OII-USA

From Wikipedia, the free encyclopedia
Jump to: navigation, search
Organisation Intersex International - United States of America
Abbreviation OII-USA
Formation February 2011
Type NGO
Purpose Intersex human rights
Region served
United States
Executive Director
Hida Viloria
Website oii-usa.org

The Organisation Intersex International - United States of America (OII-USA) is the U.S. affiliate of The Organisation Intersex International (OII), a non-governmental organization that advocates for the human rights of intersex people.[1][2]

History and staff[edit]

OII-USA was founded in February 2011.[1] The director is author and activist Hida Viloria.[1][3] Dana Zzyym has been the associate director since February 19, 2015, when intersex activists Dr. Dani Lee Harris, Hida Viloria, and Zzyym re-branded OII-USA by co-founding the Intersex Campaign for Equality (ICE).[4]

Mission[edit]

OII-USA aims to campaign for the human rights of intersex people, particularly rights to self-determination and bodily integrity. It also aims to support intersex individuals, and provide information on the actual life experiences of people with intersex variations to professionals working providing services to them, including medical personnel, psychological experts, sexologists, sociologists and academics.

The Intersex Campaign for Equality (a.k.a. OII-USA), is a multi-gendered, multi-orientation, multi-racial NGO founded by and for intersex people. The Intersex Campaign for Equality's mission is to attain human rights—particularly the rights to bodily integrity, self-determination, legal recognition, and de-pathologization—for all intersex people regardless of sexual orientation, gender identity, race, ability or class, recognizing that some intersex individuals, particularly those with nonbinary gender identities, remain marginalized even within the intersex community.[2]

Activities[edit]

OII-USA advocates for human rights for intersex people in the United States via personal communication, consulting, public speaking, publishing, and lobbying. The organization also provides peer support, news updates, information, and educational events and lectures. They have lobbied extensively in the press and in print against intersex genital mutilation, aka medically unnecessary "normalizing" genital surgeries and hormone treatments of intersex infants and minors, and against discriminatory regulations for intersex female athletes.

In 2011, founder and director Hida Viloria lobbied the U.S. Secretary of State Hillary Clinton for inclusion of intersex people, as the "I" in "LGBTI", in LGBT anti-discrimination policies. On Intersex Awareness Day, October 26, 2012, OII-USA published the free educational resource Brief Guidelines for Intersex Allies.[5] In May 2013, OII-USA published Your Beautiful Child: Information for Parents, a resource of non-stigmatizing information for parents, authored by Viloria, which includes links to unbiased medical studies regarding medically unnecessary surgeries for intersex people,[6] and is being utilized by health care providers around the world.[citation needed]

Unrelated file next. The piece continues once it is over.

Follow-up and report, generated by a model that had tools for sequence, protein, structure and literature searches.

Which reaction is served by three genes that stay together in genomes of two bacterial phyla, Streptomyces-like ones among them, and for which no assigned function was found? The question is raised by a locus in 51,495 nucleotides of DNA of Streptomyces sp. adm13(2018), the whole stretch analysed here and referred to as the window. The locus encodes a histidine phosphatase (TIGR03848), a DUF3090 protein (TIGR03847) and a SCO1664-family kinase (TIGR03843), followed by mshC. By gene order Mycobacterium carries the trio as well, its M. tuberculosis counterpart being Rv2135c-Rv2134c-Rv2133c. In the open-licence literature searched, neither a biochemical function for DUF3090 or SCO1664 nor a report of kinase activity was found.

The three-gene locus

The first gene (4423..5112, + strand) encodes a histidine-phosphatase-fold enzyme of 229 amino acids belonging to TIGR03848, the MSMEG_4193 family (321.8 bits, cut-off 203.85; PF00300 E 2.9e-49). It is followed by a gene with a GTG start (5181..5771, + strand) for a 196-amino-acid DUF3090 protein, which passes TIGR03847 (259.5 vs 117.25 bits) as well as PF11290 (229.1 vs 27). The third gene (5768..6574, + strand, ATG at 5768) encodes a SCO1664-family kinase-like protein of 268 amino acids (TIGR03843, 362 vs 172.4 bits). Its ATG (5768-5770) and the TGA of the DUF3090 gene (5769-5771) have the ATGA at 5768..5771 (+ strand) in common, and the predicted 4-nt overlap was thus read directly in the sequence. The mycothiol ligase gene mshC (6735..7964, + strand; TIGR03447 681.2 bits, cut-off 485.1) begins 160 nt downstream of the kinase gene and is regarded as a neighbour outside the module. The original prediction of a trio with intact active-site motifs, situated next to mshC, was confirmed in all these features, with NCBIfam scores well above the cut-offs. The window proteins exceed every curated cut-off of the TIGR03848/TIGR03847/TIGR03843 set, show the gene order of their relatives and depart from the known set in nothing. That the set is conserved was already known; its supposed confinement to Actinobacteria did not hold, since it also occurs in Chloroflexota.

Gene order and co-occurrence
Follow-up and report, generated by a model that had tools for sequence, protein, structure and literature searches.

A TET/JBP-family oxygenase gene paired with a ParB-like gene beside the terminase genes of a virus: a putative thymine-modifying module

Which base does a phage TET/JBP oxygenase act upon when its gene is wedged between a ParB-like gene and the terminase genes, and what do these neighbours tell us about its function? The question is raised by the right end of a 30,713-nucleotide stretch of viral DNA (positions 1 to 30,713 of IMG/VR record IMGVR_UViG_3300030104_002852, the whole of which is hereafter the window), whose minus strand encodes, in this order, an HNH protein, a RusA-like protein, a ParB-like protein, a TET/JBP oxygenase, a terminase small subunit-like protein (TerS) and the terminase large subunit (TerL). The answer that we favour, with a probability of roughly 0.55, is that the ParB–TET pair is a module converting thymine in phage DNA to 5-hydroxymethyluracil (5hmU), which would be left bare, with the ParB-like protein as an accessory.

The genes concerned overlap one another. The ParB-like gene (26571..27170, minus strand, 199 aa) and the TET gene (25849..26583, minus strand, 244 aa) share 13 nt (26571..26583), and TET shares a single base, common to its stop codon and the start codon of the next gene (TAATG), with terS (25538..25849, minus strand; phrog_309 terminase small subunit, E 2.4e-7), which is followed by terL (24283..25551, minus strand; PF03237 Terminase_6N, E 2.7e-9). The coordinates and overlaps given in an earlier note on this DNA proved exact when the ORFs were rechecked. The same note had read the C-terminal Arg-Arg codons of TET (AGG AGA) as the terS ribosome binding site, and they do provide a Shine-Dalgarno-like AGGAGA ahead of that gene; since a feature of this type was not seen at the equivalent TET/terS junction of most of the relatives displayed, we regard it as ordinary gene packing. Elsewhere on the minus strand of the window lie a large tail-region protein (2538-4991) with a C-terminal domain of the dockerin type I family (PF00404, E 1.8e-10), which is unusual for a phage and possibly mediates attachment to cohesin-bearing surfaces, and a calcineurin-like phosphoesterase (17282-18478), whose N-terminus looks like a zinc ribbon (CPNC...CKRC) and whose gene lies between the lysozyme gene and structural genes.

On Intersex Awareness Day, October 26, 2015, OII-USA Associate Director Dana Zzyym made history by announcing that they, along with their legal representatives from Lambda Legal, the U.S.'s oldest LGBT legal rights organization, are suing the United States Department of State for legal gender recognition on their passport as someone who is neither male nor female. Zzyym was born intersex and identifies as non-binary and is seeking accurate federal gender recognition. In 2015, OII-USA assisted[citation needed] the United Nations Free & Equal Campaign in drafting their resource, the Intersex Fact Sheet,[7] and in 2016, Viloria's essay, "What's in A Name: Intersex and identity", which calls for a non-stigmatizing, equality based linguistic approach to discussing intersex people, was published in the college curriculum textbook, Queer: A Reader for Writers, by Oxford University Press.[8]

OII-USA has also been heavily involved in the international intersex human rights movement. On Human Rights Day, December 10, 2012, founder and director Hida Viloria spearheaded a global call for human rights by and for intersex people, via the "Open Letter: A Call for the Inclusion of Human Rights for Intersex People",[9] which s/he authored and delivered to the Office of the United Nations High Commissioner for Human Rights with participants of the 2nd International Intersex Forum in Stockholm signing on in support. The following year, Viloria served as one of three intersex participants chosen by ILGA-Europe to co-organize the third International Intersex Forum, in Malta, which led to the creation of the Malta Declaration, an internationally agreed declaration of the demands and human rights goals of the international intersex community.[citation needed] On Human Rights Day 2013, Viloria spoke at the United Nations, educating about the human rights violations intersex people face and the need for legal protection from discrimination at the event, "Sport Comes Out Against Homophobia".[10][11]